‘Disabled need better support plan’

PRIORITY: First disabled woman senator to help revamp support system for disabled.

KUALA LUMPUR: IN 1975, Universiti Malaya student Bathmavathi Krishnan’s world was thrown into chaos when she was mowed down by a vehicle while on campus grounds.

The accident damaged her spinal cord and left her paralysed from the waist down.

However, far from letting it affect her, she overcame great odds and is now a senator.

Bathmavathi, 59, is the first disabled woman to be appointed senator and only the second disabled individual to become a member of the senate after late Prof Datuk Dr Ismail Md Salleh.

Recalling the difficult times, Bathmavathi said her early years after the accident taught her to be independent.

“I did not socialise much (in university) as I felt inadequate, but I gradually gained confidence and eventually started to drive myself. I was not afraid to ask for help but I would only ask when I really needed to.”

She said her experience as a disabled person also made her realise that changes were needed to make life better for the disabled.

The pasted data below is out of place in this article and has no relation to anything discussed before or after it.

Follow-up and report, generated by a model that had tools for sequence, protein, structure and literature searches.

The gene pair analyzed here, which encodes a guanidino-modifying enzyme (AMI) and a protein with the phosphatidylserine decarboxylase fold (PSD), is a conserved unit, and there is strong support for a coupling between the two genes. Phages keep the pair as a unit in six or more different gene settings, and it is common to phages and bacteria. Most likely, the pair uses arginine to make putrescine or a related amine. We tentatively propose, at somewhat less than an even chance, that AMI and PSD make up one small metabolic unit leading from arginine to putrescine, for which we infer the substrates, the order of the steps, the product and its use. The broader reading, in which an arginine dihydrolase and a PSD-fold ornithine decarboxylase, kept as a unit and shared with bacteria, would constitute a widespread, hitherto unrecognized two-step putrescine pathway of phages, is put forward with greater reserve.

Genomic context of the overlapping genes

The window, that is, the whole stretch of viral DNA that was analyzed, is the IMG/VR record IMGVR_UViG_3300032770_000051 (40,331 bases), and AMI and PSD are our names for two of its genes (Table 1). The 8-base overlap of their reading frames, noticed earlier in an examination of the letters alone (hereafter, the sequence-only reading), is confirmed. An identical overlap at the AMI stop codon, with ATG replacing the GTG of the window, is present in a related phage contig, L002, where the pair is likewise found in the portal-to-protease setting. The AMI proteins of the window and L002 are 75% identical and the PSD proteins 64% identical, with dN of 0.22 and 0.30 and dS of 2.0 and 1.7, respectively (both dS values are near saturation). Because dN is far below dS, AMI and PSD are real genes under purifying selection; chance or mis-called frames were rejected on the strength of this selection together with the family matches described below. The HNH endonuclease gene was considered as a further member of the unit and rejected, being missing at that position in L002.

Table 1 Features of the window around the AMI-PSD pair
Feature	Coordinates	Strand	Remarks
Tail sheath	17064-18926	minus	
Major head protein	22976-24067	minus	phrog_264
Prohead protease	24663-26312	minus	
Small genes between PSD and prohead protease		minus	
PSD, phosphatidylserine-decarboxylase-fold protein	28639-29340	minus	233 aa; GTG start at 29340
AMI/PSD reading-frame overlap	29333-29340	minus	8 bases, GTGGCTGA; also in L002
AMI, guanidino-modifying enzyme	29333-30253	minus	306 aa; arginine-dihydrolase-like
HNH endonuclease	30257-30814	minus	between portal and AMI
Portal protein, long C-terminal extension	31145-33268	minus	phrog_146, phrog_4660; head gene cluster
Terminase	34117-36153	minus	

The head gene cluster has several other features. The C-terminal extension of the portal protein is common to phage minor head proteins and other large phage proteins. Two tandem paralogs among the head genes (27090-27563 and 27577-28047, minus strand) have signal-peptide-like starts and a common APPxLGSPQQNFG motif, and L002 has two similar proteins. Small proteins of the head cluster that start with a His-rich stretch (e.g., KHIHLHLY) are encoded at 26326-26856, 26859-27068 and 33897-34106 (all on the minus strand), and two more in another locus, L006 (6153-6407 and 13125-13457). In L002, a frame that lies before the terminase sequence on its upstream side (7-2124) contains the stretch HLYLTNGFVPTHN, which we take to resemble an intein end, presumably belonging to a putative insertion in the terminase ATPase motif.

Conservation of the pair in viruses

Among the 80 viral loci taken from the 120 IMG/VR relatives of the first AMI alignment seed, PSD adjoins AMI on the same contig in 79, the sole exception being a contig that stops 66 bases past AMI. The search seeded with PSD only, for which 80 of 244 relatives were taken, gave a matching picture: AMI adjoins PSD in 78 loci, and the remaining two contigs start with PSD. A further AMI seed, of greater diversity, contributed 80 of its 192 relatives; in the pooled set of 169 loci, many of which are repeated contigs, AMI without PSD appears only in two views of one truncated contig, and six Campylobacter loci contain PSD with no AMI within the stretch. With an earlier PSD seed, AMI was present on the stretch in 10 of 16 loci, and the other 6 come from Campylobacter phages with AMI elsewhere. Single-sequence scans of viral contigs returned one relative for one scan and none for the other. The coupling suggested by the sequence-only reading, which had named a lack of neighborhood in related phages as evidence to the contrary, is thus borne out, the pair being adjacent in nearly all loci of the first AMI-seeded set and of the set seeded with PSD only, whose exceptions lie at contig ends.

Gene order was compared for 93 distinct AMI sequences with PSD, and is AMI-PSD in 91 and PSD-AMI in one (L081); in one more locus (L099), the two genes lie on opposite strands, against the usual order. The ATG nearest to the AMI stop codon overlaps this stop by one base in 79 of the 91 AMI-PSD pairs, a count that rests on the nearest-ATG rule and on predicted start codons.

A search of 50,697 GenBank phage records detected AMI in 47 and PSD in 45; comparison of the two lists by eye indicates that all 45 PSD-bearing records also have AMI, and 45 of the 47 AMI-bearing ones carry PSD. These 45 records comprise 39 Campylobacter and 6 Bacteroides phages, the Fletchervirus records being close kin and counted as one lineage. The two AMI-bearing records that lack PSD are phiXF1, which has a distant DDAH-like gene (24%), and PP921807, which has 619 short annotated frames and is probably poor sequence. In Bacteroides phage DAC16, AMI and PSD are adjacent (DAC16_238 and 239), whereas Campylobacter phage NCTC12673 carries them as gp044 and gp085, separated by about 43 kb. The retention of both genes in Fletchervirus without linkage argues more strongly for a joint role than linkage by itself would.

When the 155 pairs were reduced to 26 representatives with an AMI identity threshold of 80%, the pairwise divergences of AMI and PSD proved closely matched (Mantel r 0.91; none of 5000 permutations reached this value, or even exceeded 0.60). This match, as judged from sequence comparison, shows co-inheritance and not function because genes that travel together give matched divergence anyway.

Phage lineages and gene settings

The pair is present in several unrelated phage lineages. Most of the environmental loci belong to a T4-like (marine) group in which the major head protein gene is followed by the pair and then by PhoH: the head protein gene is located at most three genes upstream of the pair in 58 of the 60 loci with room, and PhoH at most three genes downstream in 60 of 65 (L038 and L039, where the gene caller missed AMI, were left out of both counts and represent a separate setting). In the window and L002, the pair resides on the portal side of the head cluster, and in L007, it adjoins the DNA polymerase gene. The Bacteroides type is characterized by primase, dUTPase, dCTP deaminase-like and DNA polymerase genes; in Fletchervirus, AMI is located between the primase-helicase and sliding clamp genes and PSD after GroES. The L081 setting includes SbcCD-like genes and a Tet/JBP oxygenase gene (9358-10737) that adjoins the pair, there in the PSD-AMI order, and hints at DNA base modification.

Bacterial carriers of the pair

“Not many were aware of the needs of the disabled at the time, so I had to adapt to my new environment. It was often a struggle,” she said, adding that she received invaluable support from her family and close friends.

As a senator, Bathmavathi aims to make full use of the opportunity to push for a revamp of the support system for the disabled.

The current system, she said, dates back to the “British colonial era” and needs to be overhauled to support the current reality.

“We can refer to Japan and India, where programmes for the disabled are complete and comprehensive yet do not incur large costs, compared with developed Western countries.”

She said cash handouts alone were insufficient and a comprehensive plan plus proper allocation of funds ought to be made for the disabled community.

These, she said, involved making old and new buildings, especially schools and universities, disabled-friendly.

Bathmavathi also believed that a government-funded “caregiver system” needed to be implemented to provide support services for aging disabled individuals and families with disabilities.

by Haikal Badrul Hisam.

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